20. If you are trying to suggest that the security of the site was successful then you and me will never agree. Lets not get silly and argue for the sake of it, I have already said you can never fully negate the risk of an attack. But access points will always be an obvious weak points, especially for unsophisticated attacks. Yes he could have climbed the railings which takes time, they are also monitored which would in turn alert officers who would have responded appropriately given what was seen. This is not a criticism of anyone at this point, let's see what any investigation concludes, but we must learn from this or risk inviting another attack of this nature.
  21. At the end of the day, in a lot of cases the police are involved in a peripheral way only. They collect any evidence, take statements etc It's not that often they are there when Billy Burglar breaks into Mrs Miggins house. , or when Desperate Dan hits Denis the Menace over the head ,yes they are sometimes witnesses to events and then their evidence is more relevant ,but a juror with integrity should be able to determine the facts , I can see that in something like assault police then the presence of an officer on the jury may be prejudicial to a fair hearing but a conflict should be declared at the start As an aside ,what if you get a juror who is anti police? They won't give an unbalanced opinion will they ?
  22. And, to repeat my earlier point, rescue scissors/screwdrivers/window punches/seatbelt cutters are all still pointed/bladed articles so to be really safe people should leave them at the police station also.
  23. Hello Andy_UMX On behalf of the Police Community Team I would like to personally welcome you to our forum. Please feel free to say hello and introduce yourself, tell us a little bit about you, what brought you to Police Community and what you hope to use the site for as we would love to hear. If you have any questions that you would like to ask the Police Community Team please feel free to drop one of us a message. Best Wishes Chief Rat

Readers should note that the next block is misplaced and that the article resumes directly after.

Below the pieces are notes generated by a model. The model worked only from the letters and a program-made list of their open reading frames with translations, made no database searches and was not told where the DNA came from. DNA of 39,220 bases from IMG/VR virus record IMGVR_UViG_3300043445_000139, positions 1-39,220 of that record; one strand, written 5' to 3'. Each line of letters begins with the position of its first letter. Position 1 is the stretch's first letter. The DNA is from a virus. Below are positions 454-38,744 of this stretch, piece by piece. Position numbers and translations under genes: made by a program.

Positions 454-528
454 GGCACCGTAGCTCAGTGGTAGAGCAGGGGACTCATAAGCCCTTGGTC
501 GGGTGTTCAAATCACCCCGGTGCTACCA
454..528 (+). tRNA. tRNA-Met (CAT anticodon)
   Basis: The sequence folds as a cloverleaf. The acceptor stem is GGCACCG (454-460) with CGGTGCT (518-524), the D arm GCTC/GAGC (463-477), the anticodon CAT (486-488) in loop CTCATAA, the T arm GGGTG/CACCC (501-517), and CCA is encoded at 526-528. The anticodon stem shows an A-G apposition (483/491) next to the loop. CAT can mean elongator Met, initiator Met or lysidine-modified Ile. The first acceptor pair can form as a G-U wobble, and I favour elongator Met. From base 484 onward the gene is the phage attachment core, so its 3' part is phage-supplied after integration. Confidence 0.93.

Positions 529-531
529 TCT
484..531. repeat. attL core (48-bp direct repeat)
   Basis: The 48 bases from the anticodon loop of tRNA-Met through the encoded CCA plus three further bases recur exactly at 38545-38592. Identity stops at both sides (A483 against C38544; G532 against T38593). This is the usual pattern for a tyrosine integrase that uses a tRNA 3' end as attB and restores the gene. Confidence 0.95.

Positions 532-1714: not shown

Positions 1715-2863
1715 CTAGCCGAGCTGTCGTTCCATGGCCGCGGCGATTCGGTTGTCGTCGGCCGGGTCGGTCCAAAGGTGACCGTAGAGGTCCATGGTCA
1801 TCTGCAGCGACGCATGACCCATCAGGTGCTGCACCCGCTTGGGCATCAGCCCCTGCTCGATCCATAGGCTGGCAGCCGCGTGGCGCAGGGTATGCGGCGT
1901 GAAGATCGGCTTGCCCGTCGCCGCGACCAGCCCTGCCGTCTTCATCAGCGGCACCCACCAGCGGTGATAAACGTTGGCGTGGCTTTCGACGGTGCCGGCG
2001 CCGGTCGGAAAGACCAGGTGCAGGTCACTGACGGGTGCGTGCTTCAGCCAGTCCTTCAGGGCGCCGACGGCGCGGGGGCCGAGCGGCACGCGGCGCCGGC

24. I've raised them whilst on my soapbox with my direct line management and also raised several with the Command Team on our regular Q&A sessions. Problem is, once you float the idea can't keep bringing it up or you look like a crackpot.
  25. Fair point. I find a penknife convenient to carry most of the time - or did until I lost it. Personally I don't have a problem having a multitool about my person on duty, they'll both be available and to hand depending on what job I need them for. I have asked if there is any official policy for our region but haven't had an answer yet.
  26. If this had been almost any of the other bridges in London and almost any other iconic target the death toll would have been far higher. I think everyone has performed admirably: MP Tobias Ellwood, the protection officers who dealt with the terrorist, the medical staff including ones who made their own way from St Thomas' but also importantly a small core of the public who aren't trained or experienced but saved lives. Those who haven't impressed me; the public finding time to record the scene whilst there are still casualties not being tended to, the press leaving it less than a day before starting to blame the police and MPs for within a day starting to hold their own lives as more important than the masses. I think that is as polite a post as I can make at the minute.
  27. I'm not certain security was breached. But I guess it depends on how you look at it. In one way you can say he got inside the gates so he's breached it. of course he could have climbed over the railings and the situation could still have ended the same. Alternatively you can look at it and say that security wasn't breached as the attacker was stopped. before getting to the Houses of Parliament